Bolt being mobbed; Four teammates acting as bodyguards
Jamaican sprinter's star power on show at Olympics
LONDON, England — Global sprinting star Usain Bolt is now being protected by four teammates on the Jamaican track and field squad at the Olympic Games here as he is being mobbed by athletes from other countries.
Such is Bolt's popularity that ever since arriving in the Athletes' Village on Thursday, the double world record holder in the 100m and 200m events has had difficulty moving about in public.
However, according to team manager Ludlow 'Luddy' Watts, who described Bolt as "the star of the entire Games", there are no immediate plans to move Bolt to a more private area.
"No, he is safe here and he does not mind, so we have no plans to move him," Watts told the Jamaica Observer yesterday.
The four teammates — discus thrower Jason Morgan, shot putter Dorian Scott, 400m hurdler Leford Green and decathlete Maurice Smith — have had to be performing bodyguard duties for Bolt, and according to Morgan, the de facto security chief, "The (team) management says they are happy to have us here."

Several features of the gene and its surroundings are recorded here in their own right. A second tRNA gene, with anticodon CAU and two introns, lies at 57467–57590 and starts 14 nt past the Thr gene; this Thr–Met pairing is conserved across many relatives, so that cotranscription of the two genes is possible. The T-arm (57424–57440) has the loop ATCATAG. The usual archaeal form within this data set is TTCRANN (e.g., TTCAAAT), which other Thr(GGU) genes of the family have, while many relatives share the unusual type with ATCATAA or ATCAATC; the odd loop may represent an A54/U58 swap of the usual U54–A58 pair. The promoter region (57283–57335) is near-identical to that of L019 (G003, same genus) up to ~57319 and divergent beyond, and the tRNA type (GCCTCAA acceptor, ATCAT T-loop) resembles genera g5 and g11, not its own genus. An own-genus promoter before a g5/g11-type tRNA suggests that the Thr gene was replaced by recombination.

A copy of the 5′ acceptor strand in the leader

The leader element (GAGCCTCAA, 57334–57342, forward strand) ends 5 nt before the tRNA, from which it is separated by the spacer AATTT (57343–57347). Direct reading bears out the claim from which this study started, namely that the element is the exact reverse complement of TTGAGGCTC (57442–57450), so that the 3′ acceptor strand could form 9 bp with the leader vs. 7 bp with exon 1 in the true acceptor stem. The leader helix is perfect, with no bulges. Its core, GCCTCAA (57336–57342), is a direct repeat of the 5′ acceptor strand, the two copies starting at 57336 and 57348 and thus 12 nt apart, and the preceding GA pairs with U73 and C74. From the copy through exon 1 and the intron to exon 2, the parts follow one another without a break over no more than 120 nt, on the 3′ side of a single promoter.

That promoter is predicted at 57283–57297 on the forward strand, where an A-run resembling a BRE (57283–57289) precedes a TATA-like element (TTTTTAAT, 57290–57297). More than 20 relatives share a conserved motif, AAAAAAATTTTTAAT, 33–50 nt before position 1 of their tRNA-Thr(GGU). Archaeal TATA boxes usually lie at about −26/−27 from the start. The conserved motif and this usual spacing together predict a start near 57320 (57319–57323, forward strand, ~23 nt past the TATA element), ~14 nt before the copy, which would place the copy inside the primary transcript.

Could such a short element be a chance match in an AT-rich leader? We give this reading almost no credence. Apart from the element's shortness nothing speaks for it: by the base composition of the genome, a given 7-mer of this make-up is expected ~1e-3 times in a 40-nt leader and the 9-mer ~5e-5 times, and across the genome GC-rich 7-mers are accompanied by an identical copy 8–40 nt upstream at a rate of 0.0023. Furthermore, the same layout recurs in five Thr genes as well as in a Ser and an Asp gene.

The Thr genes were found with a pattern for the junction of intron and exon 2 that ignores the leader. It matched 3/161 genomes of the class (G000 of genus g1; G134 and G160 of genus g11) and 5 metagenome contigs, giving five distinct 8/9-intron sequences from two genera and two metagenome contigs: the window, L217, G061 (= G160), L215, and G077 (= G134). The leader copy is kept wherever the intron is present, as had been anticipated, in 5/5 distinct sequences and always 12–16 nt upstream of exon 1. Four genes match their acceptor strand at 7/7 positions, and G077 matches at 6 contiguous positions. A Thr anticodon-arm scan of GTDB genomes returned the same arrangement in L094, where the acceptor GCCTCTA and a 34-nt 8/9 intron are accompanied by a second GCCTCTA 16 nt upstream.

Bolt was seen on television monitors taking photographs with fellow Olympians and signing autographs on the infield during the parade of teams at the Opening Ceremony.
The Sunday Observer later learnt that he had to be escorted by his teammates through a throng of athletes to get back to the Athletes' Village at the end of the ceremony on Friday night.
Watts said athletes from the team directly in front and behind the Jamaican delegation in the parade — Italy and Japan, respectively — started asking for photo ops and autographs almost as soon as they got off the track. He added that security personnel and volunteers were also a part of the frenzy.
Bolt was not the only big-name athlete in the ceremony as the American basketball team with superstars Kobe Bryant and LeBron James as well as several high-profile tennis players and swimmers were also there.
Watts told the Sunday Observer that when the Jamaican team was about to leave the village for the main stadium, which is in walking distance, a number of athletes descended on Bolt, "as if they were waiting for him to come out".
Bolt, who trained in seclusion in Birmingham before coming to London on Thursday with his track and field team members, appeared at a Jamaica Olympic Association/Puma press conference later that day and said he has not had the chance to see much of the Athletes' Village — "just the dining room" — but chances are he won't get to see much, given the demand on his time by other athletes.